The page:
MP Burgon claims he misunderstood the meaning of ‘Zionism’

DEBATE: Labour MPs Angela Rayner, Dr Rosena Allin-Khan, Richard Burgon, Dawn Butler, Ian Austin and host Shelly Rubinstein, centre, at the Jewish Labour Movement’s deputy leadership hustings


LABOUR MP Richard Burgon has, finally, clarified antisemitic remarks in which he called Zionists and Zionism “the enemy of peace and the enemy of the Palestinian people”.

He had denied making the comment in 2014, despite being caught on camera doing so.

During the Jewish Labour Movement’s Labour Party deputy leadership hustings, where he appeared on a panel alongside Labour MPs Angela Rayner, Dr Rosena Allin-Khan, Dawn Butler and Ian Murray, he was asked his thoughts on his understanding of Israel, Zionism and British-Jewish identity.

He said, during the event in central Manchester, which was chaired by JLM’s Shelly Rubinstein: “I was on record before, as an MP, where a recording came out.

“I owe you an explanation of that — it’s important to note that I wouldn’t use that phrase now because it is a crude oversimplification.

“Since then, I’ve been to Israel and ‘Palestine’, and I understand that the phrase Zionist doesn’t just mean (Israel’s Prime Minister Benjamin) Netanyahu and the people who particularly support him — it means anybody who believes in a State of Israel.

“When I went there, I met Israeli citizens campaigning (for peace).

“I now understand that it is anybody who believes Israel should exist.

“Jewish identity across this country is many and varied and pluralistic.

“There are many different views and political persuasions.”

All five candidates were in agreement that Israel has a right to exist, with Ms Rayner making the point that “it is disgusting to argue this, and it is antisemitic and shouldn’t have any place”.

She said: “It’s not even a negotiable position. We have to enforce that policy, and make sure people understand the two-state solution.

“On British-Jewish identity, our history goes back so far — it’s who we are.

“There shouldn’t be any difference between being British and being Jewish.

“There shouldn’t be a conflict between any of it, and being supportive and proud of Israel is not something that should be in conflict with being British and Jewish.

“Britain is multicultural, and celebrating that is something of which I’m most proud of our country.”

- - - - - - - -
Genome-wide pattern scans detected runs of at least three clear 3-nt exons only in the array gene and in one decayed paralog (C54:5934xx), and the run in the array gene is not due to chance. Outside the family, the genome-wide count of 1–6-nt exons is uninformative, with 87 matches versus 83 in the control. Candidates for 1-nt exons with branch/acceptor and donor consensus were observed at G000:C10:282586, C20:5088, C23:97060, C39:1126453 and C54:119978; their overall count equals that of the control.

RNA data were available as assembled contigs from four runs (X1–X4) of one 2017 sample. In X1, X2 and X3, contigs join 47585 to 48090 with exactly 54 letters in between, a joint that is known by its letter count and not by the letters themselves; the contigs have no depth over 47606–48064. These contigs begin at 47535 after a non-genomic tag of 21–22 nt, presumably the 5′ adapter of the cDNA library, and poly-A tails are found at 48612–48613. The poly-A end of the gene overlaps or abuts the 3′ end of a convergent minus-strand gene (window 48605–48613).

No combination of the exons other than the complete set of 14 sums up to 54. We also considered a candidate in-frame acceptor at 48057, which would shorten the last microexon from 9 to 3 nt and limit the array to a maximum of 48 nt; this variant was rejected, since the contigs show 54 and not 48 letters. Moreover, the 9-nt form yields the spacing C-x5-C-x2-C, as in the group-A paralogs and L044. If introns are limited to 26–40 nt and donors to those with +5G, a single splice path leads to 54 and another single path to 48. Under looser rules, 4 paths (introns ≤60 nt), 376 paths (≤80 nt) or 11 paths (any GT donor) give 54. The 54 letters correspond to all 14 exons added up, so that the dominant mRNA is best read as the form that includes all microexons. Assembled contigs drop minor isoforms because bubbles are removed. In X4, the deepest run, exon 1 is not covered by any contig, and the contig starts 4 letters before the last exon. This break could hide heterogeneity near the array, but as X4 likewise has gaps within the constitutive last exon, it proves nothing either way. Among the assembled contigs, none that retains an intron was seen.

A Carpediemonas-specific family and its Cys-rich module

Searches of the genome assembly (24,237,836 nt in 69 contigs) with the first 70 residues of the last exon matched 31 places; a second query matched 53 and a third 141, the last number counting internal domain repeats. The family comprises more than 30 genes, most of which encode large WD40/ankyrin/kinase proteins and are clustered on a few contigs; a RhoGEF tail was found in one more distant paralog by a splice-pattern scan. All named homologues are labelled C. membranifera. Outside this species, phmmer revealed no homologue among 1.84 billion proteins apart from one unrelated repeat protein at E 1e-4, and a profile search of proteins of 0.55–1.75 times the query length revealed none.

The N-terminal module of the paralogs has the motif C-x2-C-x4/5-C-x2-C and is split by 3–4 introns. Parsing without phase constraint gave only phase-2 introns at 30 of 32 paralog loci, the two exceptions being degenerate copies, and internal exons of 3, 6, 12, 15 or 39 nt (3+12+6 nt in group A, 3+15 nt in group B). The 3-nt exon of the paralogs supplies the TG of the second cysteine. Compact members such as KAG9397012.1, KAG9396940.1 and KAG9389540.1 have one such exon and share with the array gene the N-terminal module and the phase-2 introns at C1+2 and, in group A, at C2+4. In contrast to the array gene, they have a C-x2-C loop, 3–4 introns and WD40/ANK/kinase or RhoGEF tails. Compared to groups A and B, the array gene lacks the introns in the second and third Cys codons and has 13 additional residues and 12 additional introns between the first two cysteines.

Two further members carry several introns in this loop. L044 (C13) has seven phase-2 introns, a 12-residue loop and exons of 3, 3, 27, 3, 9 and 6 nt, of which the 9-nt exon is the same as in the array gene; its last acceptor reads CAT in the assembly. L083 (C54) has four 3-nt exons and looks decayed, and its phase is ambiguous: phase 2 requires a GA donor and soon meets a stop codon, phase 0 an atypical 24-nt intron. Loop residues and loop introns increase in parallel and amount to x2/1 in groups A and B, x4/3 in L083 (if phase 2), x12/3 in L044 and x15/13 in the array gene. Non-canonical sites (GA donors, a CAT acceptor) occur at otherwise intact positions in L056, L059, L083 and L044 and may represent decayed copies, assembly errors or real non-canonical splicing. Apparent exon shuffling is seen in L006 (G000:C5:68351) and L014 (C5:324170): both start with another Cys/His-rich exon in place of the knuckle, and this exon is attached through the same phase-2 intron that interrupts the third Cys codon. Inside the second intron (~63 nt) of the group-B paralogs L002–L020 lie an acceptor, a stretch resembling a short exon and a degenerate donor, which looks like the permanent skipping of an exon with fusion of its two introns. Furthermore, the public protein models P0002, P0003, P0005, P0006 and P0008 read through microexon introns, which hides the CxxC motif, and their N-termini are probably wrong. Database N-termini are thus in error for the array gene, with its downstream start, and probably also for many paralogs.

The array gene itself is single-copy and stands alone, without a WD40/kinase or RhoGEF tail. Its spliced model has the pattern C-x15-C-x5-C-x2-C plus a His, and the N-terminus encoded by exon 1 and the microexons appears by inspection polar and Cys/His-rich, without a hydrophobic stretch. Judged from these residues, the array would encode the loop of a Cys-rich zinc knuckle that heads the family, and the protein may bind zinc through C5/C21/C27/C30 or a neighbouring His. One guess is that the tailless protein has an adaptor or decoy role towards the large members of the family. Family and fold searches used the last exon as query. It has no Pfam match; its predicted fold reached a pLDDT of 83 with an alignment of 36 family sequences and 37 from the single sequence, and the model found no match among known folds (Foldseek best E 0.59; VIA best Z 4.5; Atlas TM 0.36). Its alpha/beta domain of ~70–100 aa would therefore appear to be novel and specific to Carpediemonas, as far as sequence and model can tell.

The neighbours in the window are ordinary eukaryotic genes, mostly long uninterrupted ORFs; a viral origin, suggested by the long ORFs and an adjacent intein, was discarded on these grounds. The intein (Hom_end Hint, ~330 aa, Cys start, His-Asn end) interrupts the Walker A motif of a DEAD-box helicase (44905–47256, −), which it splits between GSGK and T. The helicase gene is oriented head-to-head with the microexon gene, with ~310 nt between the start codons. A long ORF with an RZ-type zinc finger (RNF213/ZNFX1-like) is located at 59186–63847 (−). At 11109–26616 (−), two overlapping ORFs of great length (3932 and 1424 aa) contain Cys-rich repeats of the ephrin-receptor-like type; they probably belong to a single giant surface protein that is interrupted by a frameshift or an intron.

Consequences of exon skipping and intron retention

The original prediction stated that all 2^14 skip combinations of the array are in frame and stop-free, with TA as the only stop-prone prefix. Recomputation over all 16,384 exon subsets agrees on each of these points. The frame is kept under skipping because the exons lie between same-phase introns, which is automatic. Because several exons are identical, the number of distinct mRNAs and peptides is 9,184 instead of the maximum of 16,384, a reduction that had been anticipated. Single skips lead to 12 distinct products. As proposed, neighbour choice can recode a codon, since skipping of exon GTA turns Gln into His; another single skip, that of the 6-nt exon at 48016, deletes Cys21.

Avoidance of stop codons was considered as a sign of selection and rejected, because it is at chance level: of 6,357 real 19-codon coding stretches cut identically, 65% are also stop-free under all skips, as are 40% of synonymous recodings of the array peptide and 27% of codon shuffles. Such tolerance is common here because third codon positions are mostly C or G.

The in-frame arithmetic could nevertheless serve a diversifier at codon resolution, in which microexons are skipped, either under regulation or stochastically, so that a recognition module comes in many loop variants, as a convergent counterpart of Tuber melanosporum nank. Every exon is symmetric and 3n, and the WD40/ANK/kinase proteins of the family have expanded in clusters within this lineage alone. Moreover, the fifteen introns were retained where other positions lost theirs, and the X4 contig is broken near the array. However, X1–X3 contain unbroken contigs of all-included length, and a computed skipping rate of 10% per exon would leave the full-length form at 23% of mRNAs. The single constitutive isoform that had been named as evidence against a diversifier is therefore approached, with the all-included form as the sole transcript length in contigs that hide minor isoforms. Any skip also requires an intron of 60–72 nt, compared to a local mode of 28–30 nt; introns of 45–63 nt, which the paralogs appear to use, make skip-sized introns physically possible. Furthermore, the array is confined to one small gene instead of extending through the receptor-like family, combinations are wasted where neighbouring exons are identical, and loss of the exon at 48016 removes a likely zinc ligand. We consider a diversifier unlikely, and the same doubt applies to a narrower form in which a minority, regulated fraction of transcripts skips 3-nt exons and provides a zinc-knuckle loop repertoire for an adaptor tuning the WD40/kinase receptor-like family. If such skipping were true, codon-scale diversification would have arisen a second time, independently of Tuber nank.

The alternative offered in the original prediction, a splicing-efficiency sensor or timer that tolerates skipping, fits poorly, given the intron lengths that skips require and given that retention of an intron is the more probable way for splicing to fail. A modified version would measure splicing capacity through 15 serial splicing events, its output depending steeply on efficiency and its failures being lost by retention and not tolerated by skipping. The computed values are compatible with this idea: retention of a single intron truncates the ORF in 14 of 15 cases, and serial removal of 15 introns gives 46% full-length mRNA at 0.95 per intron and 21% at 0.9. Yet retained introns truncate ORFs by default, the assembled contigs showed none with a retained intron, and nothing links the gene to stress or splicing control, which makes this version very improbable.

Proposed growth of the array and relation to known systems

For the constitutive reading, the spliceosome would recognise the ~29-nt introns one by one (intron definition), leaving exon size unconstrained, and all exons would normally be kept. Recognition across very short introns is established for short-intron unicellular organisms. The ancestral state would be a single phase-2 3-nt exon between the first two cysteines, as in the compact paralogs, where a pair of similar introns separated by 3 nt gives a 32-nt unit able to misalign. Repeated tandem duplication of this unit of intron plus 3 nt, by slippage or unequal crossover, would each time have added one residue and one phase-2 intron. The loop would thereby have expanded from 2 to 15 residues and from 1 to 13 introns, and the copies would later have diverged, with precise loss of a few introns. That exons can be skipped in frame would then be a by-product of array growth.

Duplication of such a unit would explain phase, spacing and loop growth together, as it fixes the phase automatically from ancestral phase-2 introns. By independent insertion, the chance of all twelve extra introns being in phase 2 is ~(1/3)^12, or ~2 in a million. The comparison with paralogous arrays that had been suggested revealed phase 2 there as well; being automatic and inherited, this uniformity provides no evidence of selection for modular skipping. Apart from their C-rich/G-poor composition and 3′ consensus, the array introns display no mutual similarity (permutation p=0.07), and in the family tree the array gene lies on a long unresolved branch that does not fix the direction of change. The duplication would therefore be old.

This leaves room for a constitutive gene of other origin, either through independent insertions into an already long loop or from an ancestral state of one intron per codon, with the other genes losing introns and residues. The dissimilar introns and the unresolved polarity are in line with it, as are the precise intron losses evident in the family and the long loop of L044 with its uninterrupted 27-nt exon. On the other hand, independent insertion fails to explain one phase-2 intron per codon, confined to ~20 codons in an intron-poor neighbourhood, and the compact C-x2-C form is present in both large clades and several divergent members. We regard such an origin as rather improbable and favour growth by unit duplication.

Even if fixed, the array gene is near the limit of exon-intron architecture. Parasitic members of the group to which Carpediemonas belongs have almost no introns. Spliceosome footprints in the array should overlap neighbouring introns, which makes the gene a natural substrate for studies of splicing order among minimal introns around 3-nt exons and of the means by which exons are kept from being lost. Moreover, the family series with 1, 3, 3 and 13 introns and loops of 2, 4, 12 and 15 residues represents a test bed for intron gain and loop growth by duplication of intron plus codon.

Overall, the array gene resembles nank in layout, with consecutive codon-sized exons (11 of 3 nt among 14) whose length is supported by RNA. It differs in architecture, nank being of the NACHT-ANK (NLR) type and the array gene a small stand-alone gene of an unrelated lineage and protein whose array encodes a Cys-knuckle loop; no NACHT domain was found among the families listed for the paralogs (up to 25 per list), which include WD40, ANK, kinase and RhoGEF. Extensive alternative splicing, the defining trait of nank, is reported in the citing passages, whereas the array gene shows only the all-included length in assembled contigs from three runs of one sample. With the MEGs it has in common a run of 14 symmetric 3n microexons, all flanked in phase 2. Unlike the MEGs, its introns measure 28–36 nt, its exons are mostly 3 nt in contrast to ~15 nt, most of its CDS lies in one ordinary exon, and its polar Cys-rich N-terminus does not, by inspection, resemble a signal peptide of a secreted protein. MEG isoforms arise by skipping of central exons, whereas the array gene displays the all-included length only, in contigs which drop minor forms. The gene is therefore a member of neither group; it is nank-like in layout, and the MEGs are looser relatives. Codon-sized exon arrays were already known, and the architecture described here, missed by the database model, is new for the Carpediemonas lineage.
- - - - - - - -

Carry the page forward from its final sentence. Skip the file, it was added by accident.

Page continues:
Mr Murray said that Labour members take the “binary” issue of Israel “too far”.

The MP for Edinburgh South said: “Israel is one of our allies. It’s not helped by the current incumbent in the White House.

“We do have to defend, as a Labour Party, what people want as a solution.

“The British-Jewish community is so ingrained in Britain, and it should be celebrated.

“There’s a real ignorance in this country about the Jewish faith and what Jews have brought to this country — it’s something we should celebrate.”

And Ms Butler said that the “younger generation” will make the two-state solution happen.

In four out of the five opening addresses, the candidates all pledged to root out antisemitism, with Mr Murray going a step further to state that he would “resign” if it didn’t happen.

Mr Burgon didn’t mention antisemitism at all in his speech, choosing to focus more on “winning back the heartlands”.

His speech received a less-than-tepid response from the room.

Dr Allin-Khan pledged the Jewish Labour Movement would be her “first official meeting”.

She said: “The last few years have been horrendous. We have become riddled with antisemitism, so much so that doors are being shut in our faces.

“I am deeply, deeply ashamed. If laws have been broken, then justice must prevail.

“I will expel racists, because enough is enough. But I know it will take time for trust to return.

“I will proudly celebrate the 100th anniversary of the affiliation of the Jewish Labour Movement to the Labour Party.

“Despite everything, I hope we can celebrate 100 years of friendship together.

“I know we are allies in the fight against racism, and that together we can defeat it.”

Ms Rayner called the last few years “some of the most difficult for me”.

The MP for Ashton-under-Lyne said: “I’m not proud of the last couple of years.

“People feel frightened of a Labour government getting in. Never, ever should anyone feel unsafe in our party.

“And I want to say that genuinely I am sorry that people have felt that.

“I am ashamed of what has happened, and I want to build that trust again.

“We have to have zero tolerance . . . and if you are antisemitic, you are out.”

Other topics discussed were the role of the party’s National Executive Committee in selecting candidates, and how they would support councillors to deliver the best services for their constituents.

All five candidates had similar messages about “blaming the government”, while simultaneously “promoting the good work of our own councillors”.

Ms Butler, the shadow secretary for women and equalities, said: “We need to start singing from the same hymn sheet.

“If the council is struggling, we take that onto the floor of Parliament to state that the government is forcing our councillors to make these difficult decision.

“It’s vital that we start acting as a Labour family.”

Mr Burgon said: “When a local library closes, it’s important that the party calls for actual fair funding from the government to stop this.

“We shouldn’t be appearing as managers for the cuts.

“It’s not our Labour councillors who are responsible for this.”

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